The Safer Care through Early Warning Scores programme provides a common approach to identifying and communicating about deteriorating patients across primary care, ambulance, hospital, community and mental health settings.

“The good news is that thanks to NEWS and the sepsis screening tool, the right response was received at the right place enabling the patient’s life to be saved.”

North Somerset Community Partnership

“I use it a lot talking with paramedics… It really helps to have a shared language.”

General Practitioner

What was the problem?

An Early Warning Score (EWS) is a guide used by medical services to quickly calculate the seriousness of a deteriorating patient’s condition. It is based on four physiological factors: blood pressure, heart rate, respiratory rate and body temperature, along with one observation – level of consciousness.

It was highlighted in the Royal College of Physicians Working Party report (July 2012) that a number of Early Warning Score ‘track-and-trigger’ systems are used routinely across the NHS, but that “various EWS systems are not necessarily equivalent or interchangeable. Put simply, when assessing acutely ill patients using these various scores, we are not speaking the same language and this can lead to a lack of inconsistency in the approach to detection and response to acute illness.”

NEWS event March 2016 (62)

What we did and why

The West of England Patient Safety Collaborative (PSC) decided to use a common approach across all our settings, and launched the Safer Care through Early Warning Scores programme in March 2015. All NHS healthcare providers in the West of England have agreed to use the National Early Warning Score (NEWS) as the EWS of choice.

The West of England AHSN is coordinating the project to systematically roll this out. We started by bringing together health commissioners, providers and patient groups to create a complete picture of existing systems, and holding workshops to explore issues and possible quick wins, and how to measure success. We are delivering the programme using quality improvement (QI) approaches and techniques, using the Institute of Healthcare Improvement (IHI) Breakthrough Series model, and sharing learning through regular stakeholder events across the region.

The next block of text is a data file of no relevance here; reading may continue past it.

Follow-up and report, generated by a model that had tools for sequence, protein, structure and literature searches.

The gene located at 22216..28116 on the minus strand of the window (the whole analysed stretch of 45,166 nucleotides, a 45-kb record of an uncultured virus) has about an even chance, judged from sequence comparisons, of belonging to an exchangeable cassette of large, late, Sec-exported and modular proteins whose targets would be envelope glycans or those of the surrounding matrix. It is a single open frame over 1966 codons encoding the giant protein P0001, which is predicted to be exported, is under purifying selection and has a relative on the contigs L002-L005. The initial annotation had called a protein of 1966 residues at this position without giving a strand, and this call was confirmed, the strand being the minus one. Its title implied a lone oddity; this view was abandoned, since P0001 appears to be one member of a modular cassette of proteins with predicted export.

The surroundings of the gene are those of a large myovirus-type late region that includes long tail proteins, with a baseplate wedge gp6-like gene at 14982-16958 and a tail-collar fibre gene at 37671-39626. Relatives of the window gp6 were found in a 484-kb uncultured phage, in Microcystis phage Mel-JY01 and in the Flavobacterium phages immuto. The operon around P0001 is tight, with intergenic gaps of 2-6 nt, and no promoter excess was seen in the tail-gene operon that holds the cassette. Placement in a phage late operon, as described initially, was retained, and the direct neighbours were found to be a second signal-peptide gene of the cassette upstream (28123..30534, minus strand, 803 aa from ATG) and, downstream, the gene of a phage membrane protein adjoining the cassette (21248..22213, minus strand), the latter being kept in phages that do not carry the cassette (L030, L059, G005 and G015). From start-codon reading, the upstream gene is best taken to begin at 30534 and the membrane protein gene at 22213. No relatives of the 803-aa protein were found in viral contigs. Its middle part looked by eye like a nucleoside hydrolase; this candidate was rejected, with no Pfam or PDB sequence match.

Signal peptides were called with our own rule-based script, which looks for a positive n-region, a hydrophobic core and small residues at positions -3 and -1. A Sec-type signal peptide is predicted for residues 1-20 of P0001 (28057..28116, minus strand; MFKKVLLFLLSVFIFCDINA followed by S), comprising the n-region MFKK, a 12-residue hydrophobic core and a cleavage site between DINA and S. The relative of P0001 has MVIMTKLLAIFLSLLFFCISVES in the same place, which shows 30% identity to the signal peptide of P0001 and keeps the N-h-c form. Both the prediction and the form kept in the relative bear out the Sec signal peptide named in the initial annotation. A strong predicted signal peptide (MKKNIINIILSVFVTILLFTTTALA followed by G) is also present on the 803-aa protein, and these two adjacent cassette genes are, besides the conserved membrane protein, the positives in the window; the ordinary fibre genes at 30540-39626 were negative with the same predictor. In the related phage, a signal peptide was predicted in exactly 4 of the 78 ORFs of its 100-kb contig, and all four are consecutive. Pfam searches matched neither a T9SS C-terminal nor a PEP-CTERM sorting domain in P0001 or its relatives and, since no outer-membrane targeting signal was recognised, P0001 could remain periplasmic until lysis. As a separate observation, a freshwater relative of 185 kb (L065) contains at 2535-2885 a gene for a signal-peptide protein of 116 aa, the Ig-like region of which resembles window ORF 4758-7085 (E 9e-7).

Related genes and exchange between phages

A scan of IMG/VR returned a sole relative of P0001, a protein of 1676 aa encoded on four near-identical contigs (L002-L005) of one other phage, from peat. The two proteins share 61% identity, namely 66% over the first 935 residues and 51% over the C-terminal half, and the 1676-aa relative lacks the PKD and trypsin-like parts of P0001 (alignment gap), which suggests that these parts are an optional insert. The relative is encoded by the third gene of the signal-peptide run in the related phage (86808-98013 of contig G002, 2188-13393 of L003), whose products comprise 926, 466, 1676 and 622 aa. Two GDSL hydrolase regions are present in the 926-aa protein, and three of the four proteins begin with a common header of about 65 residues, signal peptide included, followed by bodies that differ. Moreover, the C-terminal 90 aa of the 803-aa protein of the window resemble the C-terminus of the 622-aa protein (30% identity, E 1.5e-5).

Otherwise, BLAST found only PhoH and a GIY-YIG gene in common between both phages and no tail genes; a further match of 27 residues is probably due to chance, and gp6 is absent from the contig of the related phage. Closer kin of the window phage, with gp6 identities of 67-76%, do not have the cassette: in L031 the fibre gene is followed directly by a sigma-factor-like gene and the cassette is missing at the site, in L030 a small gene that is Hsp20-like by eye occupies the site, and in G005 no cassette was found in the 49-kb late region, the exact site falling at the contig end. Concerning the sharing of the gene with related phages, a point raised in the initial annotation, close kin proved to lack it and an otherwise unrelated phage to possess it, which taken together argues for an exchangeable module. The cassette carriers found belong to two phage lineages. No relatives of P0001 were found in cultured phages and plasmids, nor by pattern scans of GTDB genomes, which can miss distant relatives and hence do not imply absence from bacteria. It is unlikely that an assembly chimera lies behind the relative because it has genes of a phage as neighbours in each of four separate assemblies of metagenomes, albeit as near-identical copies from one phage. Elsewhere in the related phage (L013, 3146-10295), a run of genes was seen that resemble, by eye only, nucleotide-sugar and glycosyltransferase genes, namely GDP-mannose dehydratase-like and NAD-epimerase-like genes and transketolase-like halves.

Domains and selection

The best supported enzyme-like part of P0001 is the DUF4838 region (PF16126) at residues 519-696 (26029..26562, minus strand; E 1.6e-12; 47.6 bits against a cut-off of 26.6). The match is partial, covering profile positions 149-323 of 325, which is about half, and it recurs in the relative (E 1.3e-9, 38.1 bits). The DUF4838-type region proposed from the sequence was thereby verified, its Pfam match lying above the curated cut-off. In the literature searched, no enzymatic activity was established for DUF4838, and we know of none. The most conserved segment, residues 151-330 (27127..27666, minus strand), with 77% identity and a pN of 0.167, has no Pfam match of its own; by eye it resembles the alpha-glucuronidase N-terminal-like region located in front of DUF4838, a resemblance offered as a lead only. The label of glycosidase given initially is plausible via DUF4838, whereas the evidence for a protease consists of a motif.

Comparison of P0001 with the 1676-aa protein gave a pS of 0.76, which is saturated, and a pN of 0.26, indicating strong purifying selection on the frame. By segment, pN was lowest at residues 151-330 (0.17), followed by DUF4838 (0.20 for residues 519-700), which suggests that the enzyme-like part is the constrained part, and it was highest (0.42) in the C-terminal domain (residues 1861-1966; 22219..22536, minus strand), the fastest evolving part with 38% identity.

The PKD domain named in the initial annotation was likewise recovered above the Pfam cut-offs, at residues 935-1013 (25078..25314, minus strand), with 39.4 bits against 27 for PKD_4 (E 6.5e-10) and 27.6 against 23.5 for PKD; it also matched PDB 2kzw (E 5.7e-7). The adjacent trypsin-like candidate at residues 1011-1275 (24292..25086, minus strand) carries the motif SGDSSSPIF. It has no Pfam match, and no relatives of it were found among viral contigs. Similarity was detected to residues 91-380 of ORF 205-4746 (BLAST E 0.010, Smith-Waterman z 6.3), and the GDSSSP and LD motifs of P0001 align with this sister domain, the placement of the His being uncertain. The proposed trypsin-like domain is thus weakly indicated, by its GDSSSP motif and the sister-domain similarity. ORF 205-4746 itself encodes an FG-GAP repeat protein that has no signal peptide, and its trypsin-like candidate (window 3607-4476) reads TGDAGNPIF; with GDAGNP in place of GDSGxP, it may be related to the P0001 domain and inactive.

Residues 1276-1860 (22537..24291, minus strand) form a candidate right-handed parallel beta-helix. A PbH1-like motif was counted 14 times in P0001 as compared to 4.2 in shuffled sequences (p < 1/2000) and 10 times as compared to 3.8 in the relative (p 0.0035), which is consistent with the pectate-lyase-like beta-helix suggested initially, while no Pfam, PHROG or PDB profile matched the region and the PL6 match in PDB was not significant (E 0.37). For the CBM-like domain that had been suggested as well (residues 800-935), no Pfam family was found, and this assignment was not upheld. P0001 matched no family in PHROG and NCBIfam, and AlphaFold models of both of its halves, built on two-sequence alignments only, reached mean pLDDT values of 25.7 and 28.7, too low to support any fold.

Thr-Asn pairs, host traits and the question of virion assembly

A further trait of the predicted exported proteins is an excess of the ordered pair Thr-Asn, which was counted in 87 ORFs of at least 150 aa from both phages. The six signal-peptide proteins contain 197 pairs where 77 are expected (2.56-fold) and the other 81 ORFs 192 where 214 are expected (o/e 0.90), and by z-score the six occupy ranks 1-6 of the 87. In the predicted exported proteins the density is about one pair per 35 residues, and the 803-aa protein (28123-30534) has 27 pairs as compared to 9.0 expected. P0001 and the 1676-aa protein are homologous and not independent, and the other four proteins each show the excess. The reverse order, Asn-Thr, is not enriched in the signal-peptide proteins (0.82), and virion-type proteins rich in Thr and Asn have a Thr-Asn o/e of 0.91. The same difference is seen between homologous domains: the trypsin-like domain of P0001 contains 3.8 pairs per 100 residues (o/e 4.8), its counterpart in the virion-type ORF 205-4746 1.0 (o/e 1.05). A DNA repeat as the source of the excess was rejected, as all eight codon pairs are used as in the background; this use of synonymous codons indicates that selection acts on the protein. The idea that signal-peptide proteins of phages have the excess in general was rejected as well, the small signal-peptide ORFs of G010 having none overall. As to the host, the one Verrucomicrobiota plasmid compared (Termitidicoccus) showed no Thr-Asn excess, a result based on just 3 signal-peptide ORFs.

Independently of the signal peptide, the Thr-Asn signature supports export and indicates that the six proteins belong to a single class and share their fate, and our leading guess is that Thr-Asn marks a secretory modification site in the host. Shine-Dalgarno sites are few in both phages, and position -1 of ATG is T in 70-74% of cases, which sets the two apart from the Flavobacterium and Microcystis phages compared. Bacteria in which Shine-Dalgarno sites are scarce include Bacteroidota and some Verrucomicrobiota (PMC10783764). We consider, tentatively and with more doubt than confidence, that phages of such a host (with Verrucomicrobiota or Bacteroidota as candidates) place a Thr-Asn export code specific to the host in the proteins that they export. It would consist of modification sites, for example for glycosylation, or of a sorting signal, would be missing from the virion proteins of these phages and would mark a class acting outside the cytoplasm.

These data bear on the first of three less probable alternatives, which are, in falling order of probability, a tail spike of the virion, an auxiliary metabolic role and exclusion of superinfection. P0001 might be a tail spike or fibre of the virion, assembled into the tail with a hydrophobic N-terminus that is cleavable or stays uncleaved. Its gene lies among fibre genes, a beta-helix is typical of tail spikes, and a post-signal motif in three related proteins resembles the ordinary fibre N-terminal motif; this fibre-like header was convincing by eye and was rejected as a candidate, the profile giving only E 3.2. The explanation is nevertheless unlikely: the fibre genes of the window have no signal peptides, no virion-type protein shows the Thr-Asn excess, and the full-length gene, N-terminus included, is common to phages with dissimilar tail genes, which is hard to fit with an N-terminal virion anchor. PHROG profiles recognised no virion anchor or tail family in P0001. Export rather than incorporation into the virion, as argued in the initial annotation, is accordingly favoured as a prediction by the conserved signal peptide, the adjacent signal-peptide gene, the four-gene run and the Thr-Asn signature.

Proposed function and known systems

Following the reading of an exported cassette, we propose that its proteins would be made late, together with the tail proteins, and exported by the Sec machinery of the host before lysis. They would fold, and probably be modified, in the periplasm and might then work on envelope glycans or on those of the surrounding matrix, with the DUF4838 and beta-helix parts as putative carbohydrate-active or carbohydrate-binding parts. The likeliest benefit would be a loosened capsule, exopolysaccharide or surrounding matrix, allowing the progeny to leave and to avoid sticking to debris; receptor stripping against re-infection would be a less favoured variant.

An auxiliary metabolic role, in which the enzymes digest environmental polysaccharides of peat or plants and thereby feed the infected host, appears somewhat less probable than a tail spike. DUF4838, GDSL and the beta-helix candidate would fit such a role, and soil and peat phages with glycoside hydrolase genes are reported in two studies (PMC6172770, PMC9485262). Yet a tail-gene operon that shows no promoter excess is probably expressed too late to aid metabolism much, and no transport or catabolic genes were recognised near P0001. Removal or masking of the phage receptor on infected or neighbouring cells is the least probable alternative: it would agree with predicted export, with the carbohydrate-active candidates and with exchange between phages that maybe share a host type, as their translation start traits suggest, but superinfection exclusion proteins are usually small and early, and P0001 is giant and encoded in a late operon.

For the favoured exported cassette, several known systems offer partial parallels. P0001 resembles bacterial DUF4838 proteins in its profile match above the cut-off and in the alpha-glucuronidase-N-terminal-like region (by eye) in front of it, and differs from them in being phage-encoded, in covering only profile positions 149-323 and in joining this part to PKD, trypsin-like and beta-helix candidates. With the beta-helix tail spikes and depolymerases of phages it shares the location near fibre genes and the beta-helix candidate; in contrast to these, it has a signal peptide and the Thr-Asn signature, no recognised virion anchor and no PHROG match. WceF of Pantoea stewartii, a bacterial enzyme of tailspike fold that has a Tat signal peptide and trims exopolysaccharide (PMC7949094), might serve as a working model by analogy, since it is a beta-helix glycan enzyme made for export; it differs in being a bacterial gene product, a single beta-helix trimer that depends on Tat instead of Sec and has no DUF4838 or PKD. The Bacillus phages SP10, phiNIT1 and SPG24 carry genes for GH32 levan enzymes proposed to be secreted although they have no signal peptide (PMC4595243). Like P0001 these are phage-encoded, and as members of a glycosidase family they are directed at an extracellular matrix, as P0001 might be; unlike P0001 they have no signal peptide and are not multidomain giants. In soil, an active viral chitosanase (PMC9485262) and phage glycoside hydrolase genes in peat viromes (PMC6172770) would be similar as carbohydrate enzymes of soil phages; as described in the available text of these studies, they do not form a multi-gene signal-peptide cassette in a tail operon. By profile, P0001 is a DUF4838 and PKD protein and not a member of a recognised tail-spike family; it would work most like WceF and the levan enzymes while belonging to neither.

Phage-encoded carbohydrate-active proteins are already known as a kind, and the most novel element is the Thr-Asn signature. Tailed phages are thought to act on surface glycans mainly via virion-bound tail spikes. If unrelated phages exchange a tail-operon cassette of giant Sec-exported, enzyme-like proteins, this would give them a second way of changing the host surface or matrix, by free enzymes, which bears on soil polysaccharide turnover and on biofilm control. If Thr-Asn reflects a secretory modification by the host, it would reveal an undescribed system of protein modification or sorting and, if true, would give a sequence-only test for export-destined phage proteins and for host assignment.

Like-for-like healthcare providers agree measures, baselines and local National Early Warning Score (NEWS) interventions to test in Plan, Do, Study, Act (PDSA) cycles, while geographic health communities work together to drive the project forward at the interfaces of care. We manage and facilitate sub-regional Health Community Task Groups (HCTGs) as drivers for NEWS, and three HCTGs meet every eight weeks, supported by the PSC.

Other ongoing work includes:

  • Development of training tools and delivery
  • Coordination of interoperability enablers
  • Measurement and evaluation

By the end of 2016/7, our goal is for all health professionals in the West to use NEWS to assess and monitor patients’ acuity and communicate this score at care interfaces resulting in measurable improvements to patient safety across the system. This will:

  • Improve ability to recognise deteriorating patients and institute rescue
  • Improve detection and treatment of sepsis
  • Improve communication between ambulance trust, primary care, acute hospitals, community and mental health services
  • Improve detection of acute illness in pre-hospital settings
  • Triage all patients objectively to ensure right place, right time, right clinician

Which national priorities does this work address?

  • NHS Business Plan, Five Year Forward View 15/16
  • National Early Warning Score, Royal College of Physicians
  • NICE guidance on the Deteriorating Patient
  • Sign up to Safety, NHS England

Results

In its first year, the programme has successfully rolled out the use of NEWS in:

  • All acute trusts in the West of England, including emergency departments
  • The South Western Ambulance Trust, where NEWS has been included in their electronic Patient Clinical Record
  • Both mental health trusts
  • GP out-of-hours services

Community services are using NEWS with certain cohorts of patients and are currently planning a full roll-out.

By September 2018, our adoption of NEWS should achieve:

  • 20% reduction in mortality from sepsis
  • 30% reduction in in-hospital cardiac arrests outside of intensive therapy units and critical care units
  • 50% reduction in transfers to intensive care units due to in-hospital deterioration or wrong placement, within 24 hours of emergency department admission

NEWS event March 2016 (63)

“Our strength lies in the commitment and enthusiasm of our members to work together on this programme to improve outcomes for patients. We have excellent stakeholder engagement and an appetite to collaborate at the boundaries of care to improve patient safety at both a regional and sub-regional level. We have received wider interest beyond the Patient Safety Collaborative to adopt our approach to system-wide change.”

Ellie Wetz, Patient Safety Improvement Lead, West of England AHSN

Tips for implementation

To find out more about the project and detailed tips for implementation please see the Implementing the National Early Warning Score toolkit.

Next steps and spread

  • Increasing engagement with GPs
  • Exploring challenges and barriers
  • Encouraging the adoption of NEWS in primary care settings

Contact for help and advice

Ellie Wetz, Patient Safety Improvement Lead, West of England AHSN
ellie.wetz@weahsn.net
0117 900 2604

Vanesther Rees, Communications Manager, West of England AHSN
vanesther.rees@weahsn.net
0117 984 1629

Programme duration: March 2015 – March 2016